How to choose your next (tractor) business application platform

Well, it’s easy isn’t it? Write down what you want and then see what best fits. Done.

Perhaps not.

But isn’t that the way we choose anything in life? We work out the criteria and use that it as a checklist to get the closest possible match. We work out the compromises we are and aren’t willing to make and then select the best (or maybe least worst). But what happens when all your choices tick all the boxes? How do you then differentiate?

If you’ve read previous blogs of mine, you’ll know that I’m from a farming background, and we have this problem all the time when selecting a tractor. As you can imagine, tractors are mostly the same. They have the same power, same attachments etc. So, when something is a commodity how do you choose?

In the case of tractors, it’s about service, value, reliability. It’s about making sure your tractor will work when you want it to (you already know it will do the job you want it to do). It’s about the relationship with the dealer, the skills of their service team, their ability to help you get the best out of your tractor, etc.

What does that mean for systems selection?

Why are systems different to tractors (other than the obvious)? Enterprise Resource Planning (ERP) systems have been around for more than 30 years. Most of them have evolved from finance systems to incorporate stock management, warehousing, production etc. All of them have had to compete with each other and so have evolved to be similar.

So, they are like tractors. When buying a tractor, you don’t need to test whether it will pull both a trailer and a plough, it’s simply a qualifier to the market. Therefore, with an ERP system do you really need to check that it can process a Purchase Order? Complete a General Ledger Journal? Are the systems you’re assessing really going to be able to distinguish themselves by testing this functionality?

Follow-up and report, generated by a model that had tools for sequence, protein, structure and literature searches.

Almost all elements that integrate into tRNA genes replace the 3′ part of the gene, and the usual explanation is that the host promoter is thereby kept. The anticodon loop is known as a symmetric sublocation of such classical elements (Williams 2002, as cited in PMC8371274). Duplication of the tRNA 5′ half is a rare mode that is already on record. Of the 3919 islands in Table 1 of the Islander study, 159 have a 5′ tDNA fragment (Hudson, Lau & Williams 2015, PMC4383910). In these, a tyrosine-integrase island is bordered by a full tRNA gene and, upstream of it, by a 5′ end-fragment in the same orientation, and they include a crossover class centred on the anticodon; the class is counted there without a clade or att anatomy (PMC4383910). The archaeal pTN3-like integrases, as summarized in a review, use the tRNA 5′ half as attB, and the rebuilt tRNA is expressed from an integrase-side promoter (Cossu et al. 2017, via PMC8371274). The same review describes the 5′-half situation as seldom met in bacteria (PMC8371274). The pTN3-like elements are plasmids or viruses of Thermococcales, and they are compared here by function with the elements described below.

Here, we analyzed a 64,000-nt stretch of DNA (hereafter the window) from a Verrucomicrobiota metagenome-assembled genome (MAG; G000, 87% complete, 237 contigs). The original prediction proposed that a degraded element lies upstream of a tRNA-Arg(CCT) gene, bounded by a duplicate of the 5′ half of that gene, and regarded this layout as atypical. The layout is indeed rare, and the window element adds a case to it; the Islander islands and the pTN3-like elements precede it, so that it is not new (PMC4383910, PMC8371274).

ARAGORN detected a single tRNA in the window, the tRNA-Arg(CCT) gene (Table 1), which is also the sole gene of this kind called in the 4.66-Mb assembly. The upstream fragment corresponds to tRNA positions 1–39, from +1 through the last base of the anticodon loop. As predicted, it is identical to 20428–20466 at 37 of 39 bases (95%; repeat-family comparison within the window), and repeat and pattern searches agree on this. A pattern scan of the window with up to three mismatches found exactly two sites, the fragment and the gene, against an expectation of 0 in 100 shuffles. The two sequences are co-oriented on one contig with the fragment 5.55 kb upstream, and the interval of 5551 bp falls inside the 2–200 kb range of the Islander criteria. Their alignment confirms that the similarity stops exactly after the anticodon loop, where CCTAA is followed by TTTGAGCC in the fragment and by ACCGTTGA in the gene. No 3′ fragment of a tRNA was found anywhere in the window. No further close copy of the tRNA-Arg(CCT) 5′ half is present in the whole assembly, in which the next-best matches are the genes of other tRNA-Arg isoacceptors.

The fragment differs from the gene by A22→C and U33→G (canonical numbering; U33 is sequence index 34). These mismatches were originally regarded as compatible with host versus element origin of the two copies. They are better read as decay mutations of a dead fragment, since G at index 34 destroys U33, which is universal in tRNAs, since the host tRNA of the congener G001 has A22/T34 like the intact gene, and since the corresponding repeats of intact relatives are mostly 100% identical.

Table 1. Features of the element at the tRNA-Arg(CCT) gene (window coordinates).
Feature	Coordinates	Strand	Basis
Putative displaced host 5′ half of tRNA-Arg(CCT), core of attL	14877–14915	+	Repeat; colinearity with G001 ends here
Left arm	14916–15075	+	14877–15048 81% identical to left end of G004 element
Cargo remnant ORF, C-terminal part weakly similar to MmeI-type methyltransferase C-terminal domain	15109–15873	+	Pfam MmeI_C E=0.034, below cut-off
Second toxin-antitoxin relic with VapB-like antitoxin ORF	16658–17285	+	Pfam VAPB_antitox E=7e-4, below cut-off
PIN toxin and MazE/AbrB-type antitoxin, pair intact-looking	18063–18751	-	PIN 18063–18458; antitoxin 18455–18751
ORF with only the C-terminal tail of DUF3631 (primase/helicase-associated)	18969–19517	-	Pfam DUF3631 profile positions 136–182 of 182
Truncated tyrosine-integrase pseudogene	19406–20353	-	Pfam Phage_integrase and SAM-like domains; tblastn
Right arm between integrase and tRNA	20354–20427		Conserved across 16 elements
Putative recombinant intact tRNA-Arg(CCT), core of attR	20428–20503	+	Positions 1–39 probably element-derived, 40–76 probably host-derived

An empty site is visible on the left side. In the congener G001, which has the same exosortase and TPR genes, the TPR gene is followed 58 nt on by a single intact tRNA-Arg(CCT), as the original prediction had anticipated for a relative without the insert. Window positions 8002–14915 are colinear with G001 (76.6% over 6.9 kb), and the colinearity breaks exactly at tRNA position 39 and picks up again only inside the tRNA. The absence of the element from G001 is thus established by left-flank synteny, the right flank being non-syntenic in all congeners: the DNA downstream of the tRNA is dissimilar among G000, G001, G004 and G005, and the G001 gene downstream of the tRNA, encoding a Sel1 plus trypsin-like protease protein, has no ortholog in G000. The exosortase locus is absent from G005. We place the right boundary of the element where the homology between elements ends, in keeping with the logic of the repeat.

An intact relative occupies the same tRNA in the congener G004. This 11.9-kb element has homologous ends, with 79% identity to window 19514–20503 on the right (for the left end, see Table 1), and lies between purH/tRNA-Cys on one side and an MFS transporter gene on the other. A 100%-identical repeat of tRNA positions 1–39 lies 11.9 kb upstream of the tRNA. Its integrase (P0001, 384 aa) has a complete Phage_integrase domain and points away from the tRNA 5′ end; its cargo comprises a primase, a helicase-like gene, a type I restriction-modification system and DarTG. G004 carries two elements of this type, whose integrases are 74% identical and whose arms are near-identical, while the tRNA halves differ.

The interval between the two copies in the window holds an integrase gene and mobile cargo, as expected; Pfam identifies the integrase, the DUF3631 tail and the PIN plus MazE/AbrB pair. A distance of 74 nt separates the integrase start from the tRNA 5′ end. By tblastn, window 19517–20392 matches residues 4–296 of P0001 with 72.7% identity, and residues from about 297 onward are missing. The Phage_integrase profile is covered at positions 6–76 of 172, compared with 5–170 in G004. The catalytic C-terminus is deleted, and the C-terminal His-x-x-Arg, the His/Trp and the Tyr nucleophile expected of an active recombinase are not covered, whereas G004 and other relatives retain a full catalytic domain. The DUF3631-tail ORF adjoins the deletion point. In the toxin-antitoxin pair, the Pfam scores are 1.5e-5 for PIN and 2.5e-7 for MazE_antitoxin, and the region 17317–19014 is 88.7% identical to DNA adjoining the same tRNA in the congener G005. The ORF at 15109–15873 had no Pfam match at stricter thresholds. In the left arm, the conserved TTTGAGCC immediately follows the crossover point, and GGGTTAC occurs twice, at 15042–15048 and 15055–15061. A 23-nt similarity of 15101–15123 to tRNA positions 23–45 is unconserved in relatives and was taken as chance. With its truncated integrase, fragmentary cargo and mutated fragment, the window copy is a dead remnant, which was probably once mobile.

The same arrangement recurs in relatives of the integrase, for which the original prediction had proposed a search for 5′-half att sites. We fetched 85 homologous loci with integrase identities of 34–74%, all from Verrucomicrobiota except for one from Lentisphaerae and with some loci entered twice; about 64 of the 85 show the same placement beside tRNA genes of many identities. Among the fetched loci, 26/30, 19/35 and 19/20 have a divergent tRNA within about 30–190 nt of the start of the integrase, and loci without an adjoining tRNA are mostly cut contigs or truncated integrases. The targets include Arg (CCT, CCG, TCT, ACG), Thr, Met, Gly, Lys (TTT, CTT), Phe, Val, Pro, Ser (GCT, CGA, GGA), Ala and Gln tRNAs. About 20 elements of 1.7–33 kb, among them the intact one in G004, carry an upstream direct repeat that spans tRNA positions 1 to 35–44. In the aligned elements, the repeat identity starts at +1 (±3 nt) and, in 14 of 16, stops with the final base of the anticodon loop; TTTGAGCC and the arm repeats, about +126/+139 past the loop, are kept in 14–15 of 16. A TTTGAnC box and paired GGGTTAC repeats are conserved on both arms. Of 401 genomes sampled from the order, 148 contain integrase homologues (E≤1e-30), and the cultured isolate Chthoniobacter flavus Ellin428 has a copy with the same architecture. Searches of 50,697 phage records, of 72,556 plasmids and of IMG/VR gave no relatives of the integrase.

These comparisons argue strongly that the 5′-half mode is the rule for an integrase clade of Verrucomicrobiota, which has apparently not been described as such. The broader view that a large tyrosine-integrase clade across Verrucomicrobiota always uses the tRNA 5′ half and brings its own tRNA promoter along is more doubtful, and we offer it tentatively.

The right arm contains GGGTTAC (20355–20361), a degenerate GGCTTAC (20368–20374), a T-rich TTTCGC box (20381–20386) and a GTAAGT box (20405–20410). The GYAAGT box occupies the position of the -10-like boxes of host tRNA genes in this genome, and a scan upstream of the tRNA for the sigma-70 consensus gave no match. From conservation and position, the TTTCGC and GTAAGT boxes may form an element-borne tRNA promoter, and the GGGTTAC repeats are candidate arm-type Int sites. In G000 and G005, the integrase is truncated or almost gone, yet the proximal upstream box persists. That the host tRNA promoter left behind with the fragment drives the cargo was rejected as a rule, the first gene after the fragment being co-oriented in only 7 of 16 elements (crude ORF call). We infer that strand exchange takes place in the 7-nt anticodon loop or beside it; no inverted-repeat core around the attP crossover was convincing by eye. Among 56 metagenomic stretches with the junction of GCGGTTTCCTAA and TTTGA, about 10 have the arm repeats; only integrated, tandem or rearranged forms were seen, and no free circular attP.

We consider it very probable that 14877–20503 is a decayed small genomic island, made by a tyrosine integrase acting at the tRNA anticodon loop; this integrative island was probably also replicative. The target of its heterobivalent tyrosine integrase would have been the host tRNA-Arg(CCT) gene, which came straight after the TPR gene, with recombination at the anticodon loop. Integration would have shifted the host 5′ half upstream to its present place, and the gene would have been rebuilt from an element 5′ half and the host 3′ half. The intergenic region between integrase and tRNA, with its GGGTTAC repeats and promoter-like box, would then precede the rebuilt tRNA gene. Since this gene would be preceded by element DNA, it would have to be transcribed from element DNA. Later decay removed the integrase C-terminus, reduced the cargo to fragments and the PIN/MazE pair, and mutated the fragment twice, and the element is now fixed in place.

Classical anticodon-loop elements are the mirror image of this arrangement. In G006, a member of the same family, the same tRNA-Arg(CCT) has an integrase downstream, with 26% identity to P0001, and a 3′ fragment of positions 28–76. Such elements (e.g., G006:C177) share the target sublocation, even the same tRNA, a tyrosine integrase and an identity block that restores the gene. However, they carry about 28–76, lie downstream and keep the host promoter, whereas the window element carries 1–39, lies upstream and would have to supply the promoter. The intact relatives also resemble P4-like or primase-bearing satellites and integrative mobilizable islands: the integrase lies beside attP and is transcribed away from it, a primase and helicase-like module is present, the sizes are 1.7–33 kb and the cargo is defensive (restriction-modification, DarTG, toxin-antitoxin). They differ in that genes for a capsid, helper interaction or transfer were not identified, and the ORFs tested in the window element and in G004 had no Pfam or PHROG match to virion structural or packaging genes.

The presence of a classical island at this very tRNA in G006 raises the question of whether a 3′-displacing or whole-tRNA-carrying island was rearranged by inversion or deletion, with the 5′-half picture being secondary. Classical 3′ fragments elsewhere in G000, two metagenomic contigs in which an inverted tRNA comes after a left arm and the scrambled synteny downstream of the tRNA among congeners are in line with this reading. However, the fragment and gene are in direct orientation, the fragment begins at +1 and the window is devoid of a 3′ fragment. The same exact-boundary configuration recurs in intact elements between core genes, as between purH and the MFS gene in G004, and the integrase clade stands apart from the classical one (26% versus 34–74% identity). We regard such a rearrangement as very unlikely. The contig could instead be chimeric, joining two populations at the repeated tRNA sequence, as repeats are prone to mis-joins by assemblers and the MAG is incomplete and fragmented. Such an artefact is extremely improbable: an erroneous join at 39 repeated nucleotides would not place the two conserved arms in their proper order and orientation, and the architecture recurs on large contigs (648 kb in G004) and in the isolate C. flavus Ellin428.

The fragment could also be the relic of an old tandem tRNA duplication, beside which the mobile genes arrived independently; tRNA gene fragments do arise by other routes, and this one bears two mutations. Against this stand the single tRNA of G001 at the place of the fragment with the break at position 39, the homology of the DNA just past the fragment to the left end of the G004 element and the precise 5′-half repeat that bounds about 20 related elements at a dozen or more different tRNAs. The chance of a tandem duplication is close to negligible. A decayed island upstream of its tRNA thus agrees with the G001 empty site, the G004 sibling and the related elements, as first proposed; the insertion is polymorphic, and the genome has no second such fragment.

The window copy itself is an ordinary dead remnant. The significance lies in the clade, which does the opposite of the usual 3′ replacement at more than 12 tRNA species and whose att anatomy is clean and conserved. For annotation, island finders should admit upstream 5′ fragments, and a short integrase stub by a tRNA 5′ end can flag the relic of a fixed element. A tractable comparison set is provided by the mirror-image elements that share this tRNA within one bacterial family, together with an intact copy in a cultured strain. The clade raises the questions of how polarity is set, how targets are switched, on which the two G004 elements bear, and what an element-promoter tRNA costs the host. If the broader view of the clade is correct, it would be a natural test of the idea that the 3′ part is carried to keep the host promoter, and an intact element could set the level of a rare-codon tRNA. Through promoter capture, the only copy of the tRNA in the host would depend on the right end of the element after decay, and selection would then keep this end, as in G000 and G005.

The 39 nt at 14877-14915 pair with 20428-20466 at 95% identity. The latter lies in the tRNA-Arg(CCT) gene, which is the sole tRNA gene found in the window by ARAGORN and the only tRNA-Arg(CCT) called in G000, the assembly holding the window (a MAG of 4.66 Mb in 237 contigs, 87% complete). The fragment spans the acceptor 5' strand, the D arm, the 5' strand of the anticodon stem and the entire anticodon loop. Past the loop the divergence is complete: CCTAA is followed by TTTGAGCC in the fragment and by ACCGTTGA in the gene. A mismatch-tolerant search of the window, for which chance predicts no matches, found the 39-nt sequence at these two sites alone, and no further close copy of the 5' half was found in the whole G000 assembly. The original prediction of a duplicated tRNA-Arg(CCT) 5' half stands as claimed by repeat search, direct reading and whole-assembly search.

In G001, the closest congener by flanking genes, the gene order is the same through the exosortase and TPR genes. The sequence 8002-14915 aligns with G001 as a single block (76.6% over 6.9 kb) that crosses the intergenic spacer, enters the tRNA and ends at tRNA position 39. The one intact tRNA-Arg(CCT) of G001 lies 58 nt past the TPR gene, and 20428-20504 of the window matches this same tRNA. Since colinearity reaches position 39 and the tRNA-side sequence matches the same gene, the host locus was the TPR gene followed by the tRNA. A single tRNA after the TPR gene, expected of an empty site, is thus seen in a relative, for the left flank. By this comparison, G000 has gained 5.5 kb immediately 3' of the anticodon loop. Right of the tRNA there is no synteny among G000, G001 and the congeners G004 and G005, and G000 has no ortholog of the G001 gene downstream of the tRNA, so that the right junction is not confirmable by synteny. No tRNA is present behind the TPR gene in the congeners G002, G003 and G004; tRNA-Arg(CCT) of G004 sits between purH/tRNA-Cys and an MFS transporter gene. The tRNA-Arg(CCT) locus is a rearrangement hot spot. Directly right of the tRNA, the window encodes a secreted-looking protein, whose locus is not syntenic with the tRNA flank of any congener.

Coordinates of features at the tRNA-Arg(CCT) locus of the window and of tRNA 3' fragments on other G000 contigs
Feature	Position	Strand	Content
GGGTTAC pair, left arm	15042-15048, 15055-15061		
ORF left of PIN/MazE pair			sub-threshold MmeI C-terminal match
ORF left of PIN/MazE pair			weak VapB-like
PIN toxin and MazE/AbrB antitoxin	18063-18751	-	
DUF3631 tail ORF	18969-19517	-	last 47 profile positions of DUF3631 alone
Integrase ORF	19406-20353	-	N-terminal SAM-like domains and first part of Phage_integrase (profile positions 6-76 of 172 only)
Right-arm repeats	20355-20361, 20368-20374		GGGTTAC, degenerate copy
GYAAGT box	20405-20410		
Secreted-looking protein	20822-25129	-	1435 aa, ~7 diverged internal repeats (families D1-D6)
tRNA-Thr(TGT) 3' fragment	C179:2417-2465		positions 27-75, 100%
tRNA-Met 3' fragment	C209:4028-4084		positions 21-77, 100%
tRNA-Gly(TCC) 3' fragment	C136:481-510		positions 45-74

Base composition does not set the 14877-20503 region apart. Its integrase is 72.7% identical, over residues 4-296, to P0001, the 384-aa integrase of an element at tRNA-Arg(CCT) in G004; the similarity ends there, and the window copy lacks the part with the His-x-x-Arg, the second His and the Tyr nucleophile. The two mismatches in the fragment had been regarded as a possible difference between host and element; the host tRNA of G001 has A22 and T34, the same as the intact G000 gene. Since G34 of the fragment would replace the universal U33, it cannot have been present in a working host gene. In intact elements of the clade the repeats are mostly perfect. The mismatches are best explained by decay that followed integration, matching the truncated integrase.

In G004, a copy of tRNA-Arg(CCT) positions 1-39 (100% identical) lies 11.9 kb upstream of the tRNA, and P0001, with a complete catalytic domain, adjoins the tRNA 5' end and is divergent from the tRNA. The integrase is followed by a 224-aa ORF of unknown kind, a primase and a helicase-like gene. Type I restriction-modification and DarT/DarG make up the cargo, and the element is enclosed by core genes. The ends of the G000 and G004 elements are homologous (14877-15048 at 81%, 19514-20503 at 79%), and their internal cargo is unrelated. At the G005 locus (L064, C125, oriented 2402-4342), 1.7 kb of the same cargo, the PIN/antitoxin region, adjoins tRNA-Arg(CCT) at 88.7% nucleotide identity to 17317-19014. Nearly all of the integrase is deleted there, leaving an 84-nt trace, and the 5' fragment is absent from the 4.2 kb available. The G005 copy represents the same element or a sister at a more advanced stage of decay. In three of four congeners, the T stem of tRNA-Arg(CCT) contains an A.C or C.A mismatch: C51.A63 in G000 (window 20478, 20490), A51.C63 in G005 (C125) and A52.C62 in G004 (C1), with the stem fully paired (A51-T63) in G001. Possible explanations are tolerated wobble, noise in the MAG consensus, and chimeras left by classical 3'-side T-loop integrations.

If not, then how do you differentiate?
  • Scale is important: The horsepower of your tractor, for example, having the right sized product for your business is key. And that right size gives you confidence it has the capabilities you need without behaving like the proverbial hammer, treating everything like a nail.

  • Industry focus: This gives you confidence in the ability of the system to support your business, that the team implementing the system can speak your language, can relate to your staff, and can provide good pragmatic advice in implementing and ultimately transforming your business.

  • Service: You need to be comfortable that your business is served appropriately. That your systems will perform (more horsepower). And that when there is an issue, there is a reliable team available to help you get back up and running.

All the above are testable, have metrics, and, along with the security requirements of a system, can be validated.

In my opinion, the above criteria are simply the qualifier to market. The details that justify a deeper conversation and more discussion. The real challenge is making a difference!

Which Business Application Platform will make the biggest difference for the next 10 years?